John Pinero is Vince Lombardi in a One Man Play and Motivational Presentations
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Milwaukee Journal Sentinel
Chasing Vince

A one-man play uncannily captures the legendary coach 

By Michael Ventre

Special to the Journal Sentinel

It is a tiny theater space in Studio City, Calif., but it might as well be a locker room.  There he is, Vince Lombardi, or so it seems.  The hat.  The overcoat.  The distinctive set of choppers with a crack in the middle. The temper that could frighten a lion one minute, the tender concern that melts all skeptics the next.

The message.

This is the stage incarnation of Vince Lombardi, brought to you with impeccable care by actor John Pinero.

He is performing “Vince: The Life and Times of Vince Lombardi,” which is coming to Wisconsin after Labor Day, and if you’re not fully cognizant that this is a theatrical experience, you might feel obligated to perform 20 squat thrusts at your seat.

“I was struck the first time I saw it,” said Willie Davis, former Packer great who lives in Southern California and who has seen Pinero perform as Lombardi three times. “It was clear to me that someone, in researching it, had spent a lot of time and indeed had uncovered a lot of what Coach Lombardi was like.”

In fact Pinero, 47, has done so much work on the character that Mike Holmgren might want to touch base with his agent on the subject of job security.

Pinero first tackled Lombardi in a play called “Coaches,” which told the stories of three coaches: Lombardi, Bear Bryant and Knute Rockne. That was more than five years ago.

Shortly after that, Pinero decided to break his character out into a one-man play.  So he wrote an 80-page script about Lombardi and brought it to his friend, Richard Clayman, a director and playwright.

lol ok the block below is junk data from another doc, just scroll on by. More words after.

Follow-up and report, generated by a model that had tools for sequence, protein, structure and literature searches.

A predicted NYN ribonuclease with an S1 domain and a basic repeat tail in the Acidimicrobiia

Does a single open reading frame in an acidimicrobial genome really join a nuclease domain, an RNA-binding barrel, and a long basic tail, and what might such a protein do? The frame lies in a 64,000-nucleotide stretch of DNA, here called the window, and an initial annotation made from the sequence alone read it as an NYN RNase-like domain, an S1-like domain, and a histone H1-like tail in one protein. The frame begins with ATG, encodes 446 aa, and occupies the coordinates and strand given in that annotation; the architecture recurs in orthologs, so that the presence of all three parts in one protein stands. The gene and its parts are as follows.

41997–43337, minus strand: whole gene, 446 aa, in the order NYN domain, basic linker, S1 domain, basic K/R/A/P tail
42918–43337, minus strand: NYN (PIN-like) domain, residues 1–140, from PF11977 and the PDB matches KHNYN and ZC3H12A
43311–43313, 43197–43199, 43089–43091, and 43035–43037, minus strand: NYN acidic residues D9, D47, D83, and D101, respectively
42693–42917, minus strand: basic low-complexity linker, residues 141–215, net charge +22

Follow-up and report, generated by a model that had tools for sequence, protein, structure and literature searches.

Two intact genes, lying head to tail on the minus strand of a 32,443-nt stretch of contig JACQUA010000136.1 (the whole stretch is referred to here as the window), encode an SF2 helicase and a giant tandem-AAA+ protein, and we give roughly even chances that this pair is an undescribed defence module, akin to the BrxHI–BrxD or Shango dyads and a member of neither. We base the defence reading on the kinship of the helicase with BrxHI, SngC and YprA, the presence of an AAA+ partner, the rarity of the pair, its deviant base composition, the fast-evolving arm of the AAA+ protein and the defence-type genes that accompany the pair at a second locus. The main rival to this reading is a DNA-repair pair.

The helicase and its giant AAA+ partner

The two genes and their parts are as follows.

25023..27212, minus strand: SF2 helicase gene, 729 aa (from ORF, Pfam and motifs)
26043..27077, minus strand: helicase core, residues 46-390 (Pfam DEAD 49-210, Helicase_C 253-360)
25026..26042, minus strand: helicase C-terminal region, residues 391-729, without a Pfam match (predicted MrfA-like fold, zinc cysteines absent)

“To get up there as Vince Lombardi,” Clayman said, “is the single most courageous thing I’ve ever seen an actor do.”

Clayman added structure and humor to Pinero’s effort, and the result is a glorious guided tour of Lombardi’s life, with stops along the way to meet a bevy of characters integral to his legend: his father, mother, priest, brother, son, wife, Bart Starr, Paul Hornung, Max McGee, et al.  All played by Pinero.

“I’ve become a Green Bay Packers fan,” admitted Pinero, a native of Brooklyn who grew up rooting for the Giants. And before this?

“Lombardi was just another guy I disliked. He used to come into New York and beat the heck out of the Giants.”

Pinero has built upon that memory with thousands of other facts, figures, quotes and anecdotes. The Library of Congress doesn’t have as much on Lombardi as Pinero.

In his computer, he keeps a file of Lombardi-isms, culled from his travels and conversations with fellow devotees who have approached him while he was wearing his Vince hat.

“I read every book by any player who ever played for Lombardi,” Pinero said. “I read books about people he admired. If I see a picture of him in a book, I buy the book.”

The result of this personal odyssey is a richly textured performance.

As opposed to the farcical approach by Jerry Stiller in recent Nike commercials, Pinero has become the embodiment of the man.

When the lights cue and Pinero steps onto the cozy stage at the Two Roads Theater, it takes only a moment to feel what is was like to have been touched not by the coach, but by the person.